MSC's Preferential Customs Status Suspended Over Cocaine Bust
Number-two ocean carrier MSC has had its preferential American customs inspection status temporarily suspended after the record-setting $1 billion cocaine seizure aboard the container ship MSC Gayane earlier this week. The interdiction was the second large drug bust involving an MSC boxship this year.
U.S. Customs and Border Protection has temporarily suspended MSC's voluntary participation in the Customs Trade Partnership Against Terrorism (C-TPAT) program over the two seizures. The move may mean more inspections for containers arriving from Central and South America, according to MSC, but the carrier says that it does not expect any significant disruption to its operations due to the suspension, and it will have no impact on its access to the American market. "We are actively seeking to assure the authorities that our certification can be reinstated as soon as possible,” MSC said in a customer advisory, which was first reported by FreightWaves.
Six crewmembers from the MSC Gayane have been charged in connection with the seizure of 15.5 tonnes of cocaine at the port of Philadelphia on Monday. The record-setting haul has an estimated street value of $1 billion. It was the second bust involving an MSC ship at the port since March, when authorities seized about 1,200 pounds of cocaine from containers aboard the MSC Desiree.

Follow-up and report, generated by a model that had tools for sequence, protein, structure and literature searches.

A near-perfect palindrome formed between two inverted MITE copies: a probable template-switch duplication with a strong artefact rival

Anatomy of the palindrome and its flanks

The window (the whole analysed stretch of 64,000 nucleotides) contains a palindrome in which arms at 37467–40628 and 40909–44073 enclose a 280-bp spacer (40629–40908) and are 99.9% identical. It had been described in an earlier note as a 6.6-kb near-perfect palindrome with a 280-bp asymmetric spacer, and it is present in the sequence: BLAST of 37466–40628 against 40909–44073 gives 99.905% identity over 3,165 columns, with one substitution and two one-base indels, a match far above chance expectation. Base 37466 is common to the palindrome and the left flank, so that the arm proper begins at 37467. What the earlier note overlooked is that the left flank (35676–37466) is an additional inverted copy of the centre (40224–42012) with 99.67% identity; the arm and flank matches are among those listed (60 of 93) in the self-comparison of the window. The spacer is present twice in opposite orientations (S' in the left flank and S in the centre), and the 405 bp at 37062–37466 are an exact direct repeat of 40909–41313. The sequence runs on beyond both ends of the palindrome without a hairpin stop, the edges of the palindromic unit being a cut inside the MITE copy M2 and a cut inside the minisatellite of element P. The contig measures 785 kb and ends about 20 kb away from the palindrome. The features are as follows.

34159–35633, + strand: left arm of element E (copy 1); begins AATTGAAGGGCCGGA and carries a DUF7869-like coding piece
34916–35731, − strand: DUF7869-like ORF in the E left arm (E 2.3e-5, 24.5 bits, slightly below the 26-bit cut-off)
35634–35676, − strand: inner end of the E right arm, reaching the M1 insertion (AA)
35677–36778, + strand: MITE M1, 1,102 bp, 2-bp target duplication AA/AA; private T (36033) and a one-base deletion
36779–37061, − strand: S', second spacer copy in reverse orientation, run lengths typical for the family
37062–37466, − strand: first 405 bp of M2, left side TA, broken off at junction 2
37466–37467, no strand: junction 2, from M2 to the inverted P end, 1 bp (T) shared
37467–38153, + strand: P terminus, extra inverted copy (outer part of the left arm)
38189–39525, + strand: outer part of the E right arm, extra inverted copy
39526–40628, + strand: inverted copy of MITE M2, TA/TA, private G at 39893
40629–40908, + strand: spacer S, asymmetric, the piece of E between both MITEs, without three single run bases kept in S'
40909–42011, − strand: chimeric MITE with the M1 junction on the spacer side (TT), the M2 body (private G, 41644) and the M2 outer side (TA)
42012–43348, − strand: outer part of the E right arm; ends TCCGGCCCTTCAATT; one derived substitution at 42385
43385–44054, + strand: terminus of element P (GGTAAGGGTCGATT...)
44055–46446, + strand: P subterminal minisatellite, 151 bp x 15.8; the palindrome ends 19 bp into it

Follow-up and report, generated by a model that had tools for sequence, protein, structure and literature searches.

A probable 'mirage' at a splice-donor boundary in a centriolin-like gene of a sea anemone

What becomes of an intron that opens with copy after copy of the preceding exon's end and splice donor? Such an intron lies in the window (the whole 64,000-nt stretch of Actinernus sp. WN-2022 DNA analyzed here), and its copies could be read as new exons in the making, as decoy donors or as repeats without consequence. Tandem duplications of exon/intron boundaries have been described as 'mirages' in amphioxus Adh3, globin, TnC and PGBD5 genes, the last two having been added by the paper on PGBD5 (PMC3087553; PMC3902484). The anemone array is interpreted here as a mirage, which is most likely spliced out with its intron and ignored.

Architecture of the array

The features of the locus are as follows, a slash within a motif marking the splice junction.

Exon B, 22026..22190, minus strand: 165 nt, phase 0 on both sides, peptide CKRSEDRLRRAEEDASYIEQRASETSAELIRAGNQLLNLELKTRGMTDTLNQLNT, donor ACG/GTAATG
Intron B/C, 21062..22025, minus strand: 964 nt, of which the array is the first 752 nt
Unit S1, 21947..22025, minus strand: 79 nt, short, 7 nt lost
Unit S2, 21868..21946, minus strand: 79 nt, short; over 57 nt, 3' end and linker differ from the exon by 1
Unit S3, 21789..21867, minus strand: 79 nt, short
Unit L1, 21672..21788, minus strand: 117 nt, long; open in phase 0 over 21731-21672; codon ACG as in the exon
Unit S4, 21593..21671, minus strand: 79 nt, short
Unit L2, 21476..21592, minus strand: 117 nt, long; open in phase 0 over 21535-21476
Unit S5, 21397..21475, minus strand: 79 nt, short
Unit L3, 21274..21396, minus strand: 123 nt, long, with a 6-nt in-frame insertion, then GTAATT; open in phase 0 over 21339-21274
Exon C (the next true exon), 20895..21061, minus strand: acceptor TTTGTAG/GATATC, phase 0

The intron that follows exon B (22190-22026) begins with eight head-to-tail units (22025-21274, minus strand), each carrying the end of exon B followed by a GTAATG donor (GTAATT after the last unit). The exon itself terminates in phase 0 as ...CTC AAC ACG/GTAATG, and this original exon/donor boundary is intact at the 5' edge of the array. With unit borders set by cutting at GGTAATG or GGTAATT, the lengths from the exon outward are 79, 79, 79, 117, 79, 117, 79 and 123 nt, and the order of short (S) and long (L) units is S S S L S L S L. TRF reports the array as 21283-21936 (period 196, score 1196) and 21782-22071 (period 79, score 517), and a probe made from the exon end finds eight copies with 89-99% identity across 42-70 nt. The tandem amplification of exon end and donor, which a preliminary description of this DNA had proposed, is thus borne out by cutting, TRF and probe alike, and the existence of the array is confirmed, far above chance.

According to Fonofaavae Tiasaga, a crewmember from the Gayane who has pleaded guilty to smuggling charges, the container ship's crew brought the cocaine aboard in high-seas transfers involving 14 separate boats, which met up with the boxship while she was under way between Peru and Panama. These waters are known as a hotbed of smuggling activity, and they are the primary geographic focus of the U.S. Coast Guard's at-sea interdiction campaign in the Eastern Pacific.
On Friday, U.S. Attorney William M. McSwain told the Philadelphia Inquirer that his office was looking into multiple potential penalties for the Gayane smuggling incident, including the option of attempting to seize the vessel herself through criminal forfeiture proceedings. Criminal forfeiture requires securing a criminal conviction - a much higher bar than that for civil forfeiture, the powerful tool that allows American law enforcement to seize property on suspicion of drug trafficking involvement.